Will’s father, Bill Toon, echoed his family’s sentiments about Will’s recovery. Bill said it was very difficult to deal with the challenges their family experienced, having experienced a couple family members passing away, namely Bill’s father and his daughter. The struggles that Will had compounded to an even more difficult time period for their family.
“Those were unbearable years, Will was in and out of jail, in and out of lawyers,” Bill said. “I lost my father, I lost my daughter, and Will was in and out of prison. It gets to a point where you say, ‘You can’t do it all, you’ve got to do this on your own.’ This is the first time that I’ve heard Will have self-reflection that this is his issue, not everybody else’s. I’m very proud of him that he’s taken ownership,” Bill added.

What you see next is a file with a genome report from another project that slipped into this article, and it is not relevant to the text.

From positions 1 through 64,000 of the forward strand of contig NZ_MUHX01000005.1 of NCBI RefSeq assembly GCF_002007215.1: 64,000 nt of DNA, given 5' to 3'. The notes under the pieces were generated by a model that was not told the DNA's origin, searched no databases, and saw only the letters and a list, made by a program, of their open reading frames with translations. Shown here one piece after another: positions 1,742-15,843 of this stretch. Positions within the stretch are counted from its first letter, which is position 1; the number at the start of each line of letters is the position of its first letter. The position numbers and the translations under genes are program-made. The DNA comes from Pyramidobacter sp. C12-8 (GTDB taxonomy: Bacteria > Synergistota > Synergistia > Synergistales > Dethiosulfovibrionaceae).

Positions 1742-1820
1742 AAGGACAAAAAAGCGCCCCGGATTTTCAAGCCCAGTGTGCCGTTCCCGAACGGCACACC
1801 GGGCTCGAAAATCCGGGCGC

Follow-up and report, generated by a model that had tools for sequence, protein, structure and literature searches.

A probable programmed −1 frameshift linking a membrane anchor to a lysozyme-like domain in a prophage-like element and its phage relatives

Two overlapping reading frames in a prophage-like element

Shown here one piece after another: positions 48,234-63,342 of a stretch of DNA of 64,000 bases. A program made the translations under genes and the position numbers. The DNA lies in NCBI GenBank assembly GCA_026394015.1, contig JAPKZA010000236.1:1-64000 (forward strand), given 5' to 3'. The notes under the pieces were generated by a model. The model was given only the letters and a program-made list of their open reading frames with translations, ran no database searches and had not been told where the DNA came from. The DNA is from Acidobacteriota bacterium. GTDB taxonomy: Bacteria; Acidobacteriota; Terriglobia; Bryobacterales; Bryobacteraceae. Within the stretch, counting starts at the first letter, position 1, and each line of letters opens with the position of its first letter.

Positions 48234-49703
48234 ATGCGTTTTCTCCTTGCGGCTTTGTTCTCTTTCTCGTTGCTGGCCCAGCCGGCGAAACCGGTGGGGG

Alec Beaulieu, Will’s friend and mentor, flew out from Portland, Maine to celebrate Will’s sobriety milestone with him in person. Alec and Will lived together as roommates in New Hampshire. “The Will today is totally different from the Will I knew six years ago,” Beaulieu said. “Back in the day, Will would fall apart at the drop of a hat. He would be very angry, but today he’s much calmer and more rational,” he said. Beaulieu said their friendship was rocky because of Will’s argumentative attitude. “Will is calmer, he’s a calm person now. We used to argue a lot back in the day, but now it’s different,” Beaulieu said. Bill joked that their friendship sounds like “a working marriage” now.
Josh Anderson began his program in August 2021 and nearly 8 months later, he successfully completed the program. Anderson learned about the Foundation’s program through a probation officer. He said this program was different, having been through a couple other addiction interventions in the past.
“I’ve been through four or five different programs I just couldn’t graduate,” Anderson said. He said that the other programs were difficult to get past after 60 days from a combination of the strictness of the plan and his own decisions. After deliberating his options with his probation officer, the officer suggested Anderson undergo the Foundation for Family Life’s program.